Email Rachel at firstname.lastname@example.org Dear Colleague, Finally, a question that gets to serious business! Of course I exist. These deep answers don’t appear out of nowhere. But what is the true nature of existence, anyway? Is each of us humans truly a unique and complete individual? Or are we each really just a collaboration of billions of sentient cells, crowdsourcing their minuscule energies to create a mega-beast greater (in most cases) than its component pieces? – You tell me, Rachel Durango Arts Center, 802 E. 2nd Ave. www.durangoarts.org. Polar Express, thru Jan. 2, Durango & Silverton Narrow Gauge Railroad. www.durangotrain.com. 3rd annual Winter Art Show, supporting Local First and establishing a Creative District in Durango, exhibit runs thru Jan. 31, Smily Building, 1309 E. 3rd Ave. Karaoke, 8 p.m., Thur-Sun, 8th Ave. Tavern, 509 E 8th.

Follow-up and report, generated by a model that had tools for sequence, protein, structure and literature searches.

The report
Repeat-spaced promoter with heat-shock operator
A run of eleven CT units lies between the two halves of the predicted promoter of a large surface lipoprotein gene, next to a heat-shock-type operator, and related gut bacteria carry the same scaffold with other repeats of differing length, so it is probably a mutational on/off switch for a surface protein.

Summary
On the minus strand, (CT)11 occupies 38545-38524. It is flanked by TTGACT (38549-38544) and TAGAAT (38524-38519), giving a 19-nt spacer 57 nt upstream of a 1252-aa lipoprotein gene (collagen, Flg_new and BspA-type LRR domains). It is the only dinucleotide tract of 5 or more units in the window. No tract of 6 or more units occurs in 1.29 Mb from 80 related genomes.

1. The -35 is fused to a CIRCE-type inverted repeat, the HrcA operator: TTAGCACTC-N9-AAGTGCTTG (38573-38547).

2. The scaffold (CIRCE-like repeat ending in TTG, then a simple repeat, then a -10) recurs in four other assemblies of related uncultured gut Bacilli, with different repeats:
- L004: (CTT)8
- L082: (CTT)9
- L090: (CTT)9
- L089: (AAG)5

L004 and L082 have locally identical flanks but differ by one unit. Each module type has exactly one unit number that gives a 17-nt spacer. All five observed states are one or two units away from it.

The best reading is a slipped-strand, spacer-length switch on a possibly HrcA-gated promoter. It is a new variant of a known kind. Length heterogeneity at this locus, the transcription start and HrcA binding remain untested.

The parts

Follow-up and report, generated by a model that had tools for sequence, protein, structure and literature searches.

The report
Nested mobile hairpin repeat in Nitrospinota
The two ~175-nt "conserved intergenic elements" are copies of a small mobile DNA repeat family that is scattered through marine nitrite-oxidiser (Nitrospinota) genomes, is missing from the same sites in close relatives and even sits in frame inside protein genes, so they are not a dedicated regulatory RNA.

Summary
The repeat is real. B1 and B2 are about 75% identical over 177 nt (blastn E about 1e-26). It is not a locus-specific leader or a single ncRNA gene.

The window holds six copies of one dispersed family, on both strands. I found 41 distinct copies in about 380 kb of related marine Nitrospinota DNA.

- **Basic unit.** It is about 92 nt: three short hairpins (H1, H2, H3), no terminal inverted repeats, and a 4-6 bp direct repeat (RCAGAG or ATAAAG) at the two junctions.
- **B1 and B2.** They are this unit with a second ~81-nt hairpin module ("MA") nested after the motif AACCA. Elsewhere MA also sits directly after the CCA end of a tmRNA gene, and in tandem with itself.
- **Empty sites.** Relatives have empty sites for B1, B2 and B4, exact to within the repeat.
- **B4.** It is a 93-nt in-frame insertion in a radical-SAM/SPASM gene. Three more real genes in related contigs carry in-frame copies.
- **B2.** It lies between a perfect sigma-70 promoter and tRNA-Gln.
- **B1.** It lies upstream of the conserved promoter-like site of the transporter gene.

Upcoming Animas River North & Oxbow Park Project, 5:307:30 p.m., Dec. 13, Durango Rec Center. durangogov.org. Splitboarding 101 with Weston Splitboards, 6:30 – 8 p.m., Dec. 13 Backcountry Experience. Bar D Wranglers Christmas Jubilee, 7:30 p.m., Dec. 13, Community Concert Hall, FLC. durangoconcerts.com. Durango Winter Sports Foundation Celebration and Hall of Fame Induction for Kirk Rawles, featuring live and silent auctions, food, dancing and more, 5:30-9 p.m., Dec. 15, Purgatory Sports, 2615 Main Ave.
Deadline for “On the Town” submissions is Monday at noon. To submit an item email: calendar@durango telegraph.com